Chuck Schumer Backs $950,000 Grant for Rail Trail Expansion
The senator supports a grant to connect the Kingston and Dutchess rail trails
The Hudson Valley (Highland) Rail Trail
Our beautiful trails are about to have a new addition — that is, if Chuck Schumer has anything to say about it. The senator made a visit to New Paltz this week to unveil plans for a new extension — a bike and pedestrian path — that connects rail trails from Kingston to East Fishkill.
If you’re a hiker or biker, you’ve probably noticed projects have been popping up in an effort to connect many of the area’s rail trails into one route that spans the Valley. This past year, construction was completed on a connecting route between the Walkway Over the Hudson and the Dutchess County Rail Trail, resulting in an 18-mile-long path leading from Hopewell Junction to the town of Lloyd.
- Find more rail trails in our Hudson Valley Hiking Guide
However, the Ulster County side badly needs an addition. Currently, the only way to access the Walkway from Kingston is via Henry W. DuBois Drive — a route far too dangerous for many people. DuBois Drive lacks a shoulder, meaning those traveling from points north either had to be confined to that area or risk traveling through heavy traffic to get to the Walkway. Schumer plans on eliminating the danger by creating a bicycle and pedestrian path along DuBois Drive.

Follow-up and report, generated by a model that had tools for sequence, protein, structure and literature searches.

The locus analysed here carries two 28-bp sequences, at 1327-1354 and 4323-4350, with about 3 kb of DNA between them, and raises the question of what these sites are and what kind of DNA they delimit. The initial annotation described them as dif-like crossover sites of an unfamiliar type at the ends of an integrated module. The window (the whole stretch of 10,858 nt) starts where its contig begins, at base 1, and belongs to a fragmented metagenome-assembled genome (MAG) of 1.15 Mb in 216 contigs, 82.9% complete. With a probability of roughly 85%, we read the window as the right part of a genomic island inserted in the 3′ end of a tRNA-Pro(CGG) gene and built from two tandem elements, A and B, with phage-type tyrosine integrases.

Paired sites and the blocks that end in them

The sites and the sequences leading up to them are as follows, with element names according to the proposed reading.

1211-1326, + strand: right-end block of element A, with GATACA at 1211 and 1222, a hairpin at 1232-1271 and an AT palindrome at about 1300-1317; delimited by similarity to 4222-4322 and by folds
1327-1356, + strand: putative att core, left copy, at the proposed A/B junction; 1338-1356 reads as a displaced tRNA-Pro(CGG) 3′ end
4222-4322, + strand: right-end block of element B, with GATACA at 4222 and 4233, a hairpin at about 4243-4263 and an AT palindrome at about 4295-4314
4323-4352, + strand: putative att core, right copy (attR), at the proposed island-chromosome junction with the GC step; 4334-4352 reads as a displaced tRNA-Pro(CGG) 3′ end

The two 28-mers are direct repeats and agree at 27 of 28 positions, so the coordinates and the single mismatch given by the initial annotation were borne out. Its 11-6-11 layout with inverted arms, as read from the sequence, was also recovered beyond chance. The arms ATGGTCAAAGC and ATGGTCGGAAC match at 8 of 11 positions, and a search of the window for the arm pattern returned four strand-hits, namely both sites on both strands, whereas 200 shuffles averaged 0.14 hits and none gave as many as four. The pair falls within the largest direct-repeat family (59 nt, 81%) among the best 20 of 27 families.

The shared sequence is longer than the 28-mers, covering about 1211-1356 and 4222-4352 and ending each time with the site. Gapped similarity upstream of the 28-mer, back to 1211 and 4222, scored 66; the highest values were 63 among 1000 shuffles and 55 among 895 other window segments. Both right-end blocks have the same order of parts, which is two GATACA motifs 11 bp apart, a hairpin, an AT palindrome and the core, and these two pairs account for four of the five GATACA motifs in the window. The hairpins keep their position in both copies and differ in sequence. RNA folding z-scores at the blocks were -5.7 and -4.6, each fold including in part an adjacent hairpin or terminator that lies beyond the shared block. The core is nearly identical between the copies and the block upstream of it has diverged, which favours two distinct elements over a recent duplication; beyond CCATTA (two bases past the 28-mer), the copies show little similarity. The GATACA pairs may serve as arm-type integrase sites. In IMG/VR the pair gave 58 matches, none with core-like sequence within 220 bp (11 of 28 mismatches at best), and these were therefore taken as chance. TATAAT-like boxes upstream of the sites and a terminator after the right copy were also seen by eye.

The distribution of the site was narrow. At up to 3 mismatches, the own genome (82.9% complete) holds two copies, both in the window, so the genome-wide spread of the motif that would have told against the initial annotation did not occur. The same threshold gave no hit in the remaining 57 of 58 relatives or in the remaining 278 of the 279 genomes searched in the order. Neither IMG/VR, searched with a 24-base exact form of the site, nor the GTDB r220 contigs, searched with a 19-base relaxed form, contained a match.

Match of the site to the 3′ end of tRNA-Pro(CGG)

And how will he accomplish this? Schumer plans on backing a grant (totaling $950,000) that would connect the Highland (officially the Hudson Valley Rail Trail) and Wallkill Valley rail trails with the Walkway, providing a safe route for bikers and walkers in Ulster County to make their way across the river.
The finished project would result in one massive rail trail, with a route for bikers, runners, walkers, and tourists to fully experience the amazing scenery the Hudson Valley has to offer. Schumer and local leaders believe that this extension will provide a boost in tourism to the area, specifically the nearby Shawangunk foothills. The foothills have more than 500 acres of property for visitors to use as open land. If all goes as planned, the Hudson Valley will have the largest network of interconnected trails in New York.